Losang said that 25 kinds of plants were grown in the greenhouses, with just two technicians from the Han ethnic group. "In 2004, the number was between 30 and 40 Hans."
Now, the greenhouse gardeners are cultivating roses and strawberries. "Agriculture in inland areas is more developed and they are our teachers," Losang said. "Tibetan people should develop their skills, to live a better life."
Losang, who attended agricultural and animal husbandry school in 1998, expressed his wish to bring the greenhouse concept back to his hometown, Boma Village. "My fellow villagers said they liked the idea and kept asking me when they could have their own organization."
Meanwhile, the original greenhouse program grew. By 2005, the number of households joining the program had risen to 50. Although they had to pay 3,000 yuan for each greenhouse starting in 2006, the results of the first few households inspired more to join.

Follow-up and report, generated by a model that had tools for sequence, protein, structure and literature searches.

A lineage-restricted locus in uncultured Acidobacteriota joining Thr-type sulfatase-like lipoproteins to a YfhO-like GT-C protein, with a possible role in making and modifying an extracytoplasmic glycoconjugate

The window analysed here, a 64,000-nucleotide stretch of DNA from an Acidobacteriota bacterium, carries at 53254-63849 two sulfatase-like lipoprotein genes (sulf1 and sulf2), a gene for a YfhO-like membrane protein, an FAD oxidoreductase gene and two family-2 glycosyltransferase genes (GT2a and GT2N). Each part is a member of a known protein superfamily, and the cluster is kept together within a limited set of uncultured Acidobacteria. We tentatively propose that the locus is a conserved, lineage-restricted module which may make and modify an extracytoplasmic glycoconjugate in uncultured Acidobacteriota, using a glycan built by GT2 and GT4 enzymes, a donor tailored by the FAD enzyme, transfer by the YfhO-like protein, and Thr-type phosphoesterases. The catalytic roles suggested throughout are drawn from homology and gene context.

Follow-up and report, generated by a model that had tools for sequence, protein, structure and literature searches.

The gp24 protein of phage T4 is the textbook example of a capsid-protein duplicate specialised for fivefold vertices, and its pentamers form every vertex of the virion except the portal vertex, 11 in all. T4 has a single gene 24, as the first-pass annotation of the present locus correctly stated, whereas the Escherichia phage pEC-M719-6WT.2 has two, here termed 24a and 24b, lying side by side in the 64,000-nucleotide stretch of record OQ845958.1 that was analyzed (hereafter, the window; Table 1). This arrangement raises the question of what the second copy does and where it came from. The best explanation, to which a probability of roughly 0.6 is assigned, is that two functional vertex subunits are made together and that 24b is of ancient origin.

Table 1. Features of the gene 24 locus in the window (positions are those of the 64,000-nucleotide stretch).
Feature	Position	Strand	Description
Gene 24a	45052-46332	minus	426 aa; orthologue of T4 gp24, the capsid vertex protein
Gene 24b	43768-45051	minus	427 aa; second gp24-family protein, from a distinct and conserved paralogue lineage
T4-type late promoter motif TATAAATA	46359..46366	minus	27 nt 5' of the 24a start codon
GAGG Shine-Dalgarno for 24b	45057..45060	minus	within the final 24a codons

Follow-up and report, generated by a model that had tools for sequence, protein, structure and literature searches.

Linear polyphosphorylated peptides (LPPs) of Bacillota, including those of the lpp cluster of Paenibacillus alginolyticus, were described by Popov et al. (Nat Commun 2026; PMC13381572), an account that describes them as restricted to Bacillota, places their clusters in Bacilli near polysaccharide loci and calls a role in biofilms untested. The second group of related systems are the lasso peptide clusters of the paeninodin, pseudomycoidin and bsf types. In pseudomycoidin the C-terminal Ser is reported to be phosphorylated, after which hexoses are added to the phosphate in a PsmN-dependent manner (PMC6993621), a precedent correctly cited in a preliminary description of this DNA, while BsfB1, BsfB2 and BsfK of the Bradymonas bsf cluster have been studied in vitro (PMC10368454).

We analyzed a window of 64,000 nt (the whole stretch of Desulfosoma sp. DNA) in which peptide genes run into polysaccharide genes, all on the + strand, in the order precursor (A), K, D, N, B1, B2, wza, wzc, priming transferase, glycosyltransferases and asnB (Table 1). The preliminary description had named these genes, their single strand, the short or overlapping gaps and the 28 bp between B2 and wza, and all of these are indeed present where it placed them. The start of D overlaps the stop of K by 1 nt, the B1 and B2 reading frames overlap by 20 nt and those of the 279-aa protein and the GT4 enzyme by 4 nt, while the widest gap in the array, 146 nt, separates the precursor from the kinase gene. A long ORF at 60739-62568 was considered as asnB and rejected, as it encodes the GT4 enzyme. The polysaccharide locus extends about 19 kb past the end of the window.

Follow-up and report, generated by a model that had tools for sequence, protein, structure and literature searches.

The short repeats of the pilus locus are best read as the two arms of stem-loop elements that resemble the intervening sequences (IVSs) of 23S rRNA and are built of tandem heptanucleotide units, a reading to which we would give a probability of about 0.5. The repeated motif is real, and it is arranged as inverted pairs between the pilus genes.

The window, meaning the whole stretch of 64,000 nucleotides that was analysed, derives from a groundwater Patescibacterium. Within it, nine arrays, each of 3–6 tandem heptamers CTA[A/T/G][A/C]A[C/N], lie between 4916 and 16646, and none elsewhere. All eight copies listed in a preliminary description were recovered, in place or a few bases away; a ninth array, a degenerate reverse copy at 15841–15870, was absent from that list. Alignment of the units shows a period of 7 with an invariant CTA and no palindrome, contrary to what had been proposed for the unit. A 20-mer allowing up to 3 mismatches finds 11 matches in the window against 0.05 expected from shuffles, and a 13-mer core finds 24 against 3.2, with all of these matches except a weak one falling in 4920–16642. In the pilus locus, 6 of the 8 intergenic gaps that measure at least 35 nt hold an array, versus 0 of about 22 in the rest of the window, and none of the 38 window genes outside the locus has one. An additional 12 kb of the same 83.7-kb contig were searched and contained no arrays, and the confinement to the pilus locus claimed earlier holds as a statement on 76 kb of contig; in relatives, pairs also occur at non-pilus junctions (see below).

By 2008, the number of participating households had surged to 235, each getting an annual income of 12,500 yuan. A total of 535 greenhouses had been built, funded by the regional government, with households paying rent for the facilities.
GROWTH AND CHANGE
Tsering Gyalpo, vice director of the Institute for Religious Studies of the Tibetan Academy of Social Sciences, said it was good to see more Tibetans pursue wealth. In the past, he said, most Tibetans believed in fate and wouldn't try to change their destinies.
When asked if fast economic growth would eradicate the traditions of the plateau, he shook his head.
"On the contrary, a sound economy is quite important in preserving tradition," he said. "Without money, even if you wanted to renovate a religious site, you could hardly do anything."
Dawa said he had a similar view. "The core of Buddhism is to be benevolent. But if you are poor, how could you help others?"